News Releases - Pesticides and Toxic Chemicals
EPA's Lead-Safe Certification Program Important for Consumers
Release Date: 06/12/2013
Contact Information: David Bryan, 913-551-7433, firstname.lastname@example.org
FOR IMMEDIATE RELEASE
(Lenexa, Kan., June 12, 2013) - Home repairs that create even a small amount of lead dust are enough to poison your child and put your family at risk. If you live in a home or apartment that was built before 1978 and are planning a renovation or repair project, make sure you renovate right with a Lead-Safe Certified contractor in accordance with EPA guidelines. He or she will know how to protect your family.
Common renovation activities like sanding, cutting, and demolition can create hazardous lead dust and chips by disturbing lead-based paint, which can be harmful to children and adults.
Increased awareness about lead-based paint hazards and lead-safe work practices for do-it-yourselfers will help reduce lead poisoning in children, pregnant women, other family members and workers.
Consumers with more questions can call EPA Region 7 at 1- 800-223-0425 and ask to speak with a lead paint specialist.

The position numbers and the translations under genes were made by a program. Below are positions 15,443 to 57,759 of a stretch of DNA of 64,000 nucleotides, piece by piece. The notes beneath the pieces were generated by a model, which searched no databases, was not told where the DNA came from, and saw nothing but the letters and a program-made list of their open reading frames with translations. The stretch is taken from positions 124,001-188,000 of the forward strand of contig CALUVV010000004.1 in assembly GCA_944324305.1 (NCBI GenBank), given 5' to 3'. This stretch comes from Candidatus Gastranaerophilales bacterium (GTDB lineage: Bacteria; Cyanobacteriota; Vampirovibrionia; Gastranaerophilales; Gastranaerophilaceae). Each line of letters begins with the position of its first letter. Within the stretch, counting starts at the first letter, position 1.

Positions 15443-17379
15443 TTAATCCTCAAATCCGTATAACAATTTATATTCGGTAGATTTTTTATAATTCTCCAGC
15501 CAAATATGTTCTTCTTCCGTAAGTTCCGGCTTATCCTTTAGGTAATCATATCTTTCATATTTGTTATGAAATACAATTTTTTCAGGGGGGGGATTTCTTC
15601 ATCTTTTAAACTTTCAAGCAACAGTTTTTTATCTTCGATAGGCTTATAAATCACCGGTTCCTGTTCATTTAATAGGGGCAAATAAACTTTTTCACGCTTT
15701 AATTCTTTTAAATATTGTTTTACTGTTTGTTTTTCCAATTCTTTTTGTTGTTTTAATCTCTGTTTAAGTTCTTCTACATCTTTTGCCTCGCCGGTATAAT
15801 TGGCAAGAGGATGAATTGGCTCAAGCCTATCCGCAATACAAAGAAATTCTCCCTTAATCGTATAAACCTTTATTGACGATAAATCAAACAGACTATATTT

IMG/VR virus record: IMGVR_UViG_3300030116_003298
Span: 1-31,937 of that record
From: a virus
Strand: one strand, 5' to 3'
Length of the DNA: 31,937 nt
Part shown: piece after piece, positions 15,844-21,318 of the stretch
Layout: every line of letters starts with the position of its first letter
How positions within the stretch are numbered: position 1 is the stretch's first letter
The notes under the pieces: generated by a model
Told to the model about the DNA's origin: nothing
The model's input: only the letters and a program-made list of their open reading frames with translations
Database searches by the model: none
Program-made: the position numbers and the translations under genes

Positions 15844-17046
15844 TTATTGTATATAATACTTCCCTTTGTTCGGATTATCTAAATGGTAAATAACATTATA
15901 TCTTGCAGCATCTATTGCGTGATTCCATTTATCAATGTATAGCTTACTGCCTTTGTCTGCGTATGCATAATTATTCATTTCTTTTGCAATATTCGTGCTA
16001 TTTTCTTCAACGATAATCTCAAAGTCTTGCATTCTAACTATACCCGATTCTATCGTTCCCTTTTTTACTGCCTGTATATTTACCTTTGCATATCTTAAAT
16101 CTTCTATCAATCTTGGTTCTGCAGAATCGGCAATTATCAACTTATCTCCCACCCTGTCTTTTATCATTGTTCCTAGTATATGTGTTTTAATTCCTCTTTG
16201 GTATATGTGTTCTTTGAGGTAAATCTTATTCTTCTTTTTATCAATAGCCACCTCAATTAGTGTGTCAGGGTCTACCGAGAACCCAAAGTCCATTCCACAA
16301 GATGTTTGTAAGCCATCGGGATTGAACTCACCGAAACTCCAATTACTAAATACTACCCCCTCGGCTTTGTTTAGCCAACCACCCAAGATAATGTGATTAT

Facts about lead
- FACT: Lead exposure can harm young children and babies even before they are born.
- FACT: Even children who seem healthy can have high levels of lead in their bodies.
- FACT: You can get lead in your body by breathing or swallowing lead dust, or by eating soil or paint chips containing lead.
- FACT: You have many options for reducing lead hazards. In most cases, lead-based paint that is in good condition is not a hazard.
- FACT: Removing lead-based paint improperly can increase the danger to your family.
- If you think your home might have lead hazards, visit www.epa.gov/lead or call EPA Region 7 at 1-800-223-0425 and ask to speak with a lead paint specialist.
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For more lead-safe program information, visit:
EPA Lead-Safe Program - consumer fact sheet (PDF) (1 pg, 2.7MB, About PDF)
Lead Poisoning Home Checklist (PDF) (1 pg, 47K, About PDF)
View all Region 7 news releases
Connect with EPA Region 7 on Facebook: www.facebook.com/eparegion7